“The conventionally held view of a Virtual Reality (VR) environment is one in which the participant-observer is totally immersed in, and able to interact with, a completely synthetic world. Such a world may mimic the properties of some real-world environments, either existing or fictional; however, it can also exceed the bounds of physical reality by creating a world in which the physical laws ordinarily governing space, time, mechanics, material properties, etc. no longer hold. What may be overlooked in this view, however, is that the VR label is also frequently used in association with a variety of other environments, to which total immersion and complete synthesis do not necessarily pertain, but which fall somewhere along a virtuality continuum. In this paper we focus on a particular subclass of VR related technologies that involve the merging of real and virtual worlds, which we refer to generically as Mixed Reality (MR),” quotes wikipedia Paul Milgram and Fumio Kishino from Virtuality Continuum.
Said blog author reflected in said blog entry about how his inworld illusion was spoiled by the video screen installed. He described how the animations of the artist’s SL avatar in comparison to the real person’s representation on the screen within his screen suddenly appeared angled–expressing an alienation from the (visual?) inworld representation of the RL artist. I have made a comparable experience some months ago when voice chat was about to conquer the grid. A friend of mine had a house warming party in his tree in the sky. The SL voice chat feature was just new in a required update shortly before and (almost) everybody I knew was keen of having themselves be heard to their friends. It increased the exchange of information possible with a given sequence of time massively and I enjoy to hear certain people’s voices. Often enough its surprising. Sometimes its not surprising at all. And some dont use voice at all–for several reasons. On this party howsoever, everyone was on voice. You could hear them lighting their cigarettes, the clicking of the keyboard when typing into the chat line, their background noises, or – silences, and I just couldnt help being totally spoiled the illusion of a dancing crowd. [Well I turned off voice then.]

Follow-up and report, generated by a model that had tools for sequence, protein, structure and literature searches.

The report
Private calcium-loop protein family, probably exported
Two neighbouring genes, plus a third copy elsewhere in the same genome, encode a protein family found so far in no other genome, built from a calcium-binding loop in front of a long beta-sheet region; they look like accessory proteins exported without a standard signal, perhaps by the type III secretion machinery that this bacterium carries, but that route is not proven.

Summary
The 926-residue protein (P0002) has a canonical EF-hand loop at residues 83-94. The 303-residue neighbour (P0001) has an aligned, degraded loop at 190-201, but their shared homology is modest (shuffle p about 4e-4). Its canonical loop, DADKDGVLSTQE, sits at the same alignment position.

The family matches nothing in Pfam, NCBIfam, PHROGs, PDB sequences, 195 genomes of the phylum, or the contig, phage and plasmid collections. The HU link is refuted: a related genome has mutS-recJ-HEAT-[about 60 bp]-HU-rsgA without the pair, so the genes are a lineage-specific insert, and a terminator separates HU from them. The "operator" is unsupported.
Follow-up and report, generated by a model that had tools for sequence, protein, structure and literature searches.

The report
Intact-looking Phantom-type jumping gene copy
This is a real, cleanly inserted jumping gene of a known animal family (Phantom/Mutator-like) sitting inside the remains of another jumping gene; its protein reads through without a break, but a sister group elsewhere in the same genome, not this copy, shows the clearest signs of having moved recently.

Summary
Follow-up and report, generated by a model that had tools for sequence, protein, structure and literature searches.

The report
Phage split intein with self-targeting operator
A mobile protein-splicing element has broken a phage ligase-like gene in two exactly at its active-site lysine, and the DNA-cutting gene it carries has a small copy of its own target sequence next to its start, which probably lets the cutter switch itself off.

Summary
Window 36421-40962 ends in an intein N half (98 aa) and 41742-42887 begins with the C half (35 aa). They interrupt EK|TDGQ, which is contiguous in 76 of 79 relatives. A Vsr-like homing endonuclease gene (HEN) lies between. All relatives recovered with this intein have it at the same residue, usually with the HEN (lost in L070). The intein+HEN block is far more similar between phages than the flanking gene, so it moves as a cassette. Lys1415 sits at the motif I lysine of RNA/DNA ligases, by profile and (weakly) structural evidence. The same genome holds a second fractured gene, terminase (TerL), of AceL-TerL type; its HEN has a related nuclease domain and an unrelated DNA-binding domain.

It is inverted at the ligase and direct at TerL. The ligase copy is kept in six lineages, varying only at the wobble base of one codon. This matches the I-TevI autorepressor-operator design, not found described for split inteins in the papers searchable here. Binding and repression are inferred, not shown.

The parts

In other regards than the above, Mixed Reality representations in Second Life among individuals serve as means of authentification–are means of communication. The information that is transmitted deals with identity. There howsoever are many different ways people in SL deal with their RL identity–from sharing RL names and pictures up to avoiding any mixing of the identities and keeping them separate as much as possible, programmatically. […]
Oh. Once been here, dont miss Mixed Reality Pong.
What I find remarkable about the concept of Mixed reality which does not signify a binary “either/or” status quo, namely either 0 or 1, or “only one boss reality possible at one point of time” is its dynamic approach. Where and however on Milgram’s diagram you apply your concept of boss reality, it signifies theres ongoing motion as it defines two additional variables pointing at that theres something in between 0 and 1: Augmented Reality and Augmented Virtuality. This indicates not more nor less than that individual perception of reality is something that functions in a fluent kind of movement, rather than in a switch on/off mode, which I seemingly until today am just too dorky to apply. [Apparently I dont need a proof whether cyberspace is stable or not, which is well argued here anyways and allways worth a reread.]